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Daniel-François-Esprit AUBER (1782-1871)
Fra Diavolo (1830)
Fra Diavolo – Giuseppe Campora (tenor)
Lord Cockburn – Marco Stecci (baritone)
Lady Pamela – Margaret Simoncini (mezzo)
Lorenzo – Romano Grigolo (tenor)
Matteo – Vito Susca (bass)
Zerlina – Cecilia Fusco (soprano)
Giacomo – Alfredo Mariotti (bass)
Beppo – Paolo Mazzotta (tenor)
Gaetano DONIZETTI (1842-1912)
La figlia del reggimento
(1839)
Maria – Anna Maccianti (soprano)
La Marchesa di Berckenfield – Flora Rafanelli (mezzo)
Tonio – Ugo Benelli (tenor)
Sulpizio – Alfredo Mariotti (bass)
Ortensio – Enzo Viaro (bass)
Caporale - Vito Susca (bass)
Both sung in Italian
Orchestra Filarmonica e Coro del Teatro Comunale “Giuseppe Verdi” Trieste/Arturo Basile
rec. August 1966, Trieste. AAD
DEUTSCHE GRAMMOPHON PRESTO CD 4775628 [66:16 + 76:23]

These are recordings from 1966 of abridged versions of comic operas originally written and composed for French libretti but translated into Italian. Each is given one CD and the set is accompanied by plot synopses in three languages indicating where music has been excised.

That probably does nor sound too inviting to the purist, especially as the performers here might be considered decidedly provincial. In fact one or two in the cast will be more widely known to aficionados, especially the two lead tenors, who had substantial careers. Bass Alfredo Mariotti had a beautiful voice and was a stalwart in the recording studios of that era; indeed, he recorded the title role in “Don Pasquale” two years earlier. Campora is probably best remembered by collectors as Adorno in the famous vintage recording of Simon Boccanegra with Gobbi and de los Angeles. Ugo Benelli, much in demand as a Donizetti and Rossini tenor, was in the same studio recording of Don Pasquale as Mariotti, conducted by Gracis. He made an excellent Almaviva in Varviso’s Il barbiere di Siviglia.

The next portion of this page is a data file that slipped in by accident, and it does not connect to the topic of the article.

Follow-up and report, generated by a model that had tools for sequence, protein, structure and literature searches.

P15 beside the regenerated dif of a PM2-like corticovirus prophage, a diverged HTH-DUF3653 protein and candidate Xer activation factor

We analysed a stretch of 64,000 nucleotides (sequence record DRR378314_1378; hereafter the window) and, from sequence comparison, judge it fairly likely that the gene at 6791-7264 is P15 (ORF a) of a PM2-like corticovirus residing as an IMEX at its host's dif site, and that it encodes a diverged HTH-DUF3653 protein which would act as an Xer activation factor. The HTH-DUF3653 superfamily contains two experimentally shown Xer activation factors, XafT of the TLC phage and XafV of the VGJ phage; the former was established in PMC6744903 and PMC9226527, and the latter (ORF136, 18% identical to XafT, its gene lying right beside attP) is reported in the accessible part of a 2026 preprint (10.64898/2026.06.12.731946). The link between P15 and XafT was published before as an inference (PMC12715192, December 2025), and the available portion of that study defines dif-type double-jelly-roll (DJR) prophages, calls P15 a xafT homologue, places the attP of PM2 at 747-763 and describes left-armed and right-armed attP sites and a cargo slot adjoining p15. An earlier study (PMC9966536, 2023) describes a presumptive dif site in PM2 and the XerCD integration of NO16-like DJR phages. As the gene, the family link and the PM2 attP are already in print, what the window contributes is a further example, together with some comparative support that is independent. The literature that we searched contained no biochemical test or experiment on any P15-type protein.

Otherwise, although the singers here might have had successful careers they will not be known to most listeners. The singing in general is pleasant but unremarkable. It does not help that Campora’s tenor has a rather throaty tonal quality and evinces a tendency to sing flat. I am also irked by the failure of the singers portraying the English milord and milady to adopt a suitably English accent, as Schaunard does in “La bohème” when he is narrating the “parrot and the parsley” episode.

The Figlia is considerably better sung than the Fra Diavolo and Donizetti’s music, too, is emphatically superior to Auber’s rather bland, proto-Rossinian idiom. It annoys me still whenever I think how a genius like Berlioz constantly struggled to achieve any preference or recognition in Paris while Auber was feted throughout his long life. His music is charming and inoffensive but really rather mundane when set alongside Donizetti’s melodic invention and emotional range. Although the libretto is by an acknowledged old pro in Eugène Scribe, it really is a fusty bit of old nonsense. There are a lot of jolly martial tunes and drinking songs but Donizetti injects so much more life and spirit into his score.

The second CD is thus much more rewarding, even if the opera is cut. Benelli is almost more of a tenorino but he sings so sweetly and neatly, often sounding remarkably like his successor Juan Diego Flórez. It is all the more pity, therefore that he will disappoint many by singing – perfectly well - only four of the nine high Cs we expect from the most famous aria, “Amici miei, che allegro giorno!”, better known as “Ah mes amis, quel jour de fête!” His Maria, Anna Maccianti is yet another singer who appears in the aforementioned studio recording of Don Pasquale and although she might now be largely forgotten she proves herself to be an accomplished soprano leggiero, sweet and true, if a tad shrill.

Neither recording here is a substitute for, or indeed preferable to, a complete recording in French but they provide pleasing entertainment and the Figlia is rather more, being a testimony to the excellence and depth of talent in Italian singing in the mid-sixties.
 
Ralph Moore

 

 




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